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Anthropogenic hive movements are changing the genetic structure of a stingless bee (Tetragonula carbonaria) population along the east coast of Australia

Chapman, NadineC., Byatt, Matthew, Cocenza, RaniDos Santos, Nguyen, LucyM., Heard, TimA., Latty, Tanya, Oldroyd, BenjaminP.
Conservation genetics 2018 v.19 no.3 pp. 619-627
Tetragonula carbonaria, alleles, beekeepers, coasts, gene flow, genotype, honey, introgression, males, meliponiculture, microsatellite repeats, mitochondria, nests, parasites, pathogens, pollination, stingless bees, Queensland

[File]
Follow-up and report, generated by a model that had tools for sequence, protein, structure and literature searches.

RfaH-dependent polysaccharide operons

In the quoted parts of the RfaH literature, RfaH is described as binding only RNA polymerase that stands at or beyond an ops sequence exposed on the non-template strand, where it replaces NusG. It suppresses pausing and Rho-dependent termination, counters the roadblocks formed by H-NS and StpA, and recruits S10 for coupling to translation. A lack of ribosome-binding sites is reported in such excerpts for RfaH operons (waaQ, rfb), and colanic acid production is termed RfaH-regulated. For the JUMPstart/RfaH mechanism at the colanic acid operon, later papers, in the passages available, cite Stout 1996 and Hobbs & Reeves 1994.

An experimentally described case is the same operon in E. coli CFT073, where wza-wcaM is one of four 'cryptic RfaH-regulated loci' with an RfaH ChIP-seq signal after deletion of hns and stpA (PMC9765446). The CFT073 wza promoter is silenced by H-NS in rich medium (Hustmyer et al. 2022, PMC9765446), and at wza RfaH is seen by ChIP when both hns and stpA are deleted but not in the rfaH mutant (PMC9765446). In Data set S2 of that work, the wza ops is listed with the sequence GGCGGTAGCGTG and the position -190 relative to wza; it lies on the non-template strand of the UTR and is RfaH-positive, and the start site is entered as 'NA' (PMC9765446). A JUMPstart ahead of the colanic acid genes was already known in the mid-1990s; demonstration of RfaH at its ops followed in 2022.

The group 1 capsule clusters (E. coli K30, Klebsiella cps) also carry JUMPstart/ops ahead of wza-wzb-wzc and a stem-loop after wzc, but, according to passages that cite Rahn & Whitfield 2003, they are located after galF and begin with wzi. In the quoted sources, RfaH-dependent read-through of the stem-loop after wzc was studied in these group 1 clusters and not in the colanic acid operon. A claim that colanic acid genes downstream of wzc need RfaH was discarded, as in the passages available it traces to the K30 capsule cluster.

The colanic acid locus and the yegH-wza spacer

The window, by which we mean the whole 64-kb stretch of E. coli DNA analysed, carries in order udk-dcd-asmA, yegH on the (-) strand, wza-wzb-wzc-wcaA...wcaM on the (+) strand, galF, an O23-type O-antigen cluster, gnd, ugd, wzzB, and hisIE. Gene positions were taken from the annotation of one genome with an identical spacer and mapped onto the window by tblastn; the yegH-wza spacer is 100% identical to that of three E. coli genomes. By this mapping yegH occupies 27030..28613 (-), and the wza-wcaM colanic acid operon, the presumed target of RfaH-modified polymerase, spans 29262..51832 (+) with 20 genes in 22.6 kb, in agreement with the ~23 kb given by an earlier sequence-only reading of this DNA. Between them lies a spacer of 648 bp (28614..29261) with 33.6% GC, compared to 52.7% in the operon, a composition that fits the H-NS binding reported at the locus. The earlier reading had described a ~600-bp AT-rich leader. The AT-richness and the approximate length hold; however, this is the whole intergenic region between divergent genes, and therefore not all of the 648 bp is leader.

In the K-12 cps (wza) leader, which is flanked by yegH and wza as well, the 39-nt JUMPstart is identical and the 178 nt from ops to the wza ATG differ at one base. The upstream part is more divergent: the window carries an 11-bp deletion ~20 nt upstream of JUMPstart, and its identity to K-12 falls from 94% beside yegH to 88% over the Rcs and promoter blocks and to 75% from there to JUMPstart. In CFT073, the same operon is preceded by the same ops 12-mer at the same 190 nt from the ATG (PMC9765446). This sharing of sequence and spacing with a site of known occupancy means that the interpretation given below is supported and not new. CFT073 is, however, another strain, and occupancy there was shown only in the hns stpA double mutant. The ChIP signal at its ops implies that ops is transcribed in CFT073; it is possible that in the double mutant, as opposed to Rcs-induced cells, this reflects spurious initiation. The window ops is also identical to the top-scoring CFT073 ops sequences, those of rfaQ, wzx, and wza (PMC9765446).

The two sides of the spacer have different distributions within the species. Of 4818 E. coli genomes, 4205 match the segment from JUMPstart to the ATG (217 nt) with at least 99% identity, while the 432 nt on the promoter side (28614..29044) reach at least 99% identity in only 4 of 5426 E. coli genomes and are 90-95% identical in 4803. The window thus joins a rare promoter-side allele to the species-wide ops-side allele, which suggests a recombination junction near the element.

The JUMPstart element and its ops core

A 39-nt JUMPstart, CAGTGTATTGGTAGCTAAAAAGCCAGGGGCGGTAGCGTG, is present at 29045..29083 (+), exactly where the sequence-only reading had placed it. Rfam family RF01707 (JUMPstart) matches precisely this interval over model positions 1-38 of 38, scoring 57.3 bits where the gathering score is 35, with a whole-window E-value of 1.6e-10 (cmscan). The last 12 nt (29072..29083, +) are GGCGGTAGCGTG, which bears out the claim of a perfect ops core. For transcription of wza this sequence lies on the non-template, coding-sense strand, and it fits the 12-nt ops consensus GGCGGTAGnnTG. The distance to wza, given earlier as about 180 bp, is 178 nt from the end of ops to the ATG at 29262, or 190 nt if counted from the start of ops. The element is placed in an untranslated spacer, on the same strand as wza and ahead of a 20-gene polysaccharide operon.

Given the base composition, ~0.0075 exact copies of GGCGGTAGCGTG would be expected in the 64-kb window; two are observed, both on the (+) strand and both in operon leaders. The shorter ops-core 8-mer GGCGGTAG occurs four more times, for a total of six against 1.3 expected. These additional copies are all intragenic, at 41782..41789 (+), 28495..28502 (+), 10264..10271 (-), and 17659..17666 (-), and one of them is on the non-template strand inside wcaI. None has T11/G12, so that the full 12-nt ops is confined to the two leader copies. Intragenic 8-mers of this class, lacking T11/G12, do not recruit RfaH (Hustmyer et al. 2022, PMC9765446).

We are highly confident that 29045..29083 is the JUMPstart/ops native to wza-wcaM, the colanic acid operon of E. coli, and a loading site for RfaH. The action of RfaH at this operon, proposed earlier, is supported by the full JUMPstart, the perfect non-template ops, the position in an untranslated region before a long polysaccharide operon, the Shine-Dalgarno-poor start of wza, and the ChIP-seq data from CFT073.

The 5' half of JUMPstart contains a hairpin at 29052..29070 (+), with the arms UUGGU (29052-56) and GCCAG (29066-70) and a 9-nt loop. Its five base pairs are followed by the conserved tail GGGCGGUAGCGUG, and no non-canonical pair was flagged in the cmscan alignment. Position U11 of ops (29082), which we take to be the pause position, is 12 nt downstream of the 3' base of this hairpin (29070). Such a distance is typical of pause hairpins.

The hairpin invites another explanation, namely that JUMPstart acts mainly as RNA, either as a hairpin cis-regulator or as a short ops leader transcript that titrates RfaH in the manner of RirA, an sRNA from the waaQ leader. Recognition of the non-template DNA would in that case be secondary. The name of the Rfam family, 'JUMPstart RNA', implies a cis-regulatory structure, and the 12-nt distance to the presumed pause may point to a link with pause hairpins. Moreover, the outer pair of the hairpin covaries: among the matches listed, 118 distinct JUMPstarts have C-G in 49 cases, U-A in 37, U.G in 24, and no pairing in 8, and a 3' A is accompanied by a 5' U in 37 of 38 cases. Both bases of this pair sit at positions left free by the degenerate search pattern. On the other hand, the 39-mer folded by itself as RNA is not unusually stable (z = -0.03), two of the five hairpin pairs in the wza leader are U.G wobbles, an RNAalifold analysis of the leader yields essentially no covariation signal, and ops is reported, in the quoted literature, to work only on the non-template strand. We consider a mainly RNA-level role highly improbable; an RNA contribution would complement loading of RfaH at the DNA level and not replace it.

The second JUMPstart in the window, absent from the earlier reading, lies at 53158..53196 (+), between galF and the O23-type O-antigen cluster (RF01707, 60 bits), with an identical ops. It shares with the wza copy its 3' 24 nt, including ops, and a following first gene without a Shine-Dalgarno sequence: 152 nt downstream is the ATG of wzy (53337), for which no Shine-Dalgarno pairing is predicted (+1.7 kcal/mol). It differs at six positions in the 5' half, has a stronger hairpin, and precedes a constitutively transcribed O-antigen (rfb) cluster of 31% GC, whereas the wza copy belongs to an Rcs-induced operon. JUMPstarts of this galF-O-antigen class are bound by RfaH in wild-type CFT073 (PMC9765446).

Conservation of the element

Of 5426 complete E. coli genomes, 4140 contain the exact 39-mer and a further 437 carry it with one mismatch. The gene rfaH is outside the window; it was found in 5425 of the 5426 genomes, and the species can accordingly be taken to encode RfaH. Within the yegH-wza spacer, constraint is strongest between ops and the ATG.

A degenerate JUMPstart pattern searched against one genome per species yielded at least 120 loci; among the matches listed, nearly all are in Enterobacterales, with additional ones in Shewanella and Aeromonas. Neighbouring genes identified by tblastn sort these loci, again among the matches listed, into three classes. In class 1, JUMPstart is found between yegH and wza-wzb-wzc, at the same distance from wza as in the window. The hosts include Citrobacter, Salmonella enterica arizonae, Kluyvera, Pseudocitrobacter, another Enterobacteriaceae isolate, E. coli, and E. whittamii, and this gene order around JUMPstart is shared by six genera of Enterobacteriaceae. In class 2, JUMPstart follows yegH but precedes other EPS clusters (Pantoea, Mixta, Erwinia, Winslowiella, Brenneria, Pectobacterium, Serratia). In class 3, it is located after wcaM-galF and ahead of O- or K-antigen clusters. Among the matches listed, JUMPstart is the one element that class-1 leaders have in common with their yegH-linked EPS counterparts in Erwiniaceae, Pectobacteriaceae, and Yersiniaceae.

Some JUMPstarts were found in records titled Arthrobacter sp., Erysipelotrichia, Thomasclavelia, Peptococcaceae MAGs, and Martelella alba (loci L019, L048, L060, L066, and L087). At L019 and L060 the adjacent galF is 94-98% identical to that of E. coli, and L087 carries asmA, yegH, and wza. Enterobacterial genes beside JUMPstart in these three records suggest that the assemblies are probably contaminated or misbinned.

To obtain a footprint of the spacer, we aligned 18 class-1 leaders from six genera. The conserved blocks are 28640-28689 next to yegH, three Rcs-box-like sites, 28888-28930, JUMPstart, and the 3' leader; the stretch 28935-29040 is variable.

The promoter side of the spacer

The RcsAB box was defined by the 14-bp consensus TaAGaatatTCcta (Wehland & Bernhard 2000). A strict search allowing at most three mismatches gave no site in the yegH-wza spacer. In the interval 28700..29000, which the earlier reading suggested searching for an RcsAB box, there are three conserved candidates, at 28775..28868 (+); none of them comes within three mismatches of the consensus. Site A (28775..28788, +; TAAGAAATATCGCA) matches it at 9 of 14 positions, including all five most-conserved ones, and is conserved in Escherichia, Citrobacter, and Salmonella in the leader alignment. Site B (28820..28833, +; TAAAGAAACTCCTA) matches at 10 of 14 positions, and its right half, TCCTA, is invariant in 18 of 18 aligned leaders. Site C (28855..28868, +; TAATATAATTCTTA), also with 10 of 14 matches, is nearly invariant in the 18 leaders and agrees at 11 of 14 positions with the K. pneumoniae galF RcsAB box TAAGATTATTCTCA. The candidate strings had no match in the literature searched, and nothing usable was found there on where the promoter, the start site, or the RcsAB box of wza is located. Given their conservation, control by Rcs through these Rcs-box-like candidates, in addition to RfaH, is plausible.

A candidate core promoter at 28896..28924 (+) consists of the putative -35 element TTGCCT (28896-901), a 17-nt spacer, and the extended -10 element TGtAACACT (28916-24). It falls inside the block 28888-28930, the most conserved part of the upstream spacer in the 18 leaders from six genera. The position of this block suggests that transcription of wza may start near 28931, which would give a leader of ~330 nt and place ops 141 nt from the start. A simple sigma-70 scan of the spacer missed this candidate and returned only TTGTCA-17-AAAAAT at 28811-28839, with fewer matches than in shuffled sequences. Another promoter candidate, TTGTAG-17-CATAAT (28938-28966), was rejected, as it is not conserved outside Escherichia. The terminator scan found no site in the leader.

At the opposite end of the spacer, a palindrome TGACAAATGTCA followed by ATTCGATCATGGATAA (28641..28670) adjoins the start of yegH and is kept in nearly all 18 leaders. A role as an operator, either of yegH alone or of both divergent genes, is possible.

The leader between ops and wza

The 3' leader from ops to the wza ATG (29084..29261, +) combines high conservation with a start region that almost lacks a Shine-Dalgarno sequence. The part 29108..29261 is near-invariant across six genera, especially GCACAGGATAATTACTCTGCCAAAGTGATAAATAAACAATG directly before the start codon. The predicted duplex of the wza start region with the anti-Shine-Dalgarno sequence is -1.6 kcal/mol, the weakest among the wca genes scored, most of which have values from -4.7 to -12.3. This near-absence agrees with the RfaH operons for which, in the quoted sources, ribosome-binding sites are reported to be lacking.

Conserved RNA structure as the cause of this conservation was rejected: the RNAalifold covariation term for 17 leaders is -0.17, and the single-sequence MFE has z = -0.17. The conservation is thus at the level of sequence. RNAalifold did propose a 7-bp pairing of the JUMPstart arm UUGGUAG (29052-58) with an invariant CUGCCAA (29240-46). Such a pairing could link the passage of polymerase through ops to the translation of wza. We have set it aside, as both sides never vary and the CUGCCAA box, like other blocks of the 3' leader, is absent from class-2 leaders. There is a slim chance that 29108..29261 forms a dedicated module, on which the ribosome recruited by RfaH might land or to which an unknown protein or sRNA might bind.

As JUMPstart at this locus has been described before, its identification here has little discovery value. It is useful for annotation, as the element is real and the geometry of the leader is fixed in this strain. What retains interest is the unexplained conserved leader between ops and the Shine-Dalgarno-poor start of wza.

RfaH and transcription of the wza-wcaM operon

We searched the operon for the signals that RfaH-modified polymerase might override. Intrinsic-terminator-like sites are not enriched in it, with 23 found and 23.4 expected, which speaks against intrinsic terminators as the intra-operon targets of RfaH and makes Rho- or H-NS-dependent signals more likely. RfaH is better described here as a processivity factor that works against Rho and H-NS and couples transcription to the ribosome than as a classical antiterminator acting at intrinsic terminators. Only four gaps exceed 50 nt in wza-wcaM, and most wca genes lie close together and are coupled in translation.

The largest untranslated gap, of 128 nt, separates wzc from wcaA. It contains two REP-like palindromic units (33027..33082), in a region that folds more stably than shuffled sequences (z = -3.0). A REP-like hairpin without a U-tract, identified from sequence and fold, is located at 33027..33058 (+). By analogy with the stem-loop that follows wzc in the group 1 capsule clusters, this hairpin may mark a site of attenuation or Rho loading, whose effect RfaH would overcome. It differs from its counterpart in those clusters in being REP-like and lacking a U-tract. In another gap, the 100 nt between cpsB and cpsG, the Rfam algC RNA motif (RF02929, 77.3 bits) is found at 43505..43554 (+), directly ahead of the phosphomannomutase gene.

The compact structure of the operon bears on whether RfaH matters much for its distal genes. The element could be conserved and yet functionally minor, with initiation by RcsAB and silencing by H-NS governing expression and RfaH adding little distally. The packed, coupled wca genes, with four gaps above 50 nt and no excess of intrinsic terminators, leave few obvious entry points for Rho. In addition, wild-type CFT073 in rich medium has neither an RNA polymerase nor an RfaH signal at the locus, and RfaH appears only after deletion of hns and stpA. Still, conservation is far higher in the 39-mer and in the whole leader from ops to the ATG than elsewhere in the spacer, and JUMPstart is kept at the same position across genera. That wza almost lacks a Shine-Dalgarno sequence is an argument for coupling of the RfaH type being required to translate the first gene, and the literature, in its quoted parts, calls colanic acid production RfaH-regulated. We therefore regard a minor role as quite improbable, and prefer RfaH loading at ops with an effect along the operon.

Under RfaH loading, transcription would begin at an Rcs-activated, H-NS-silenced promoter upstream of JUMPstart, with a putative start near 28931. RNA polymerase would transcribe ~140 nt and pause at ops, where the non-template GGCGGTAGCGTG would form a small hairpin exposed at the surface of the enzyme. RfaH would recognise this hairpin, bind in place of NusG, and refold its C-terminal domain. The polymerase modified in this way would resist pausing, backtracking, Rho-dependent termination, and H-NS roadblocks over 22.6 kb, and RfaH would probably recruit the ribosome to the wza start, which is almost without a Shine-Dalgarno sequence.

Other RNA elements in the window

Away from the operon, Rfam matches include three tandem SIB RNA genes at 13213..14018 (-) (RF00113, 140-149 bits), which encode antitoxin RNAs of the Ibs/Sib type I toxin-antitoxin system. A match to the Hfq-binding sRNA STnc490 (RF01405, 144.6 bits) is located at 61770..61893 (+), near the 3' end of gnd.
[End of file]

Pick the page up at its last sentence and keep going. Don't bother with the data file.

Across the world, the keeping of stingless bees is increasingly popular, providing commercial pollination, high-value honey and a rewarding pass time. The popularity of stingless beekeeping has resulted in large-scale anthropogenic movements of nests, sometimes from outside their native range. Colony movement has the potential to impact local populations via transfer of parasites and pathogens and gene flow across unnaturally large geographic scales. Tetragonula carbonaria is the most widespread and commonly kept stingless bee species in Australia. Concerns have been raised that large-scale artificial propagation of T. carbonaria colonies by Sydney beekeepers, from a small number of colonies that originated in south-east Queensland, may have two consequences. First, the managed population may be becoming increasingly inbred. Second, the wild population may be experiencing significant introgression of south-east Queensland genotypes, potentially diluting local adaptations to the Sydney environment and resulting in the loss of local alleles. Here we show, based on microsatellite and mitochondrial markers, that both the managed and wild Sydney populations are significantly different from the south-east Queensland population. Nonetheless there is evidence that introgression of south-east Queensland alleles is impacting the genetic structure of both wild and managed Sydney populations. The two Sydney populations are indistinguishable, suggesting two-way gene flow in Sydney consistent with expectations of gene flow via male dispersal. All populations have low inbreeding coefficients, suggesting that they are genetically healthy.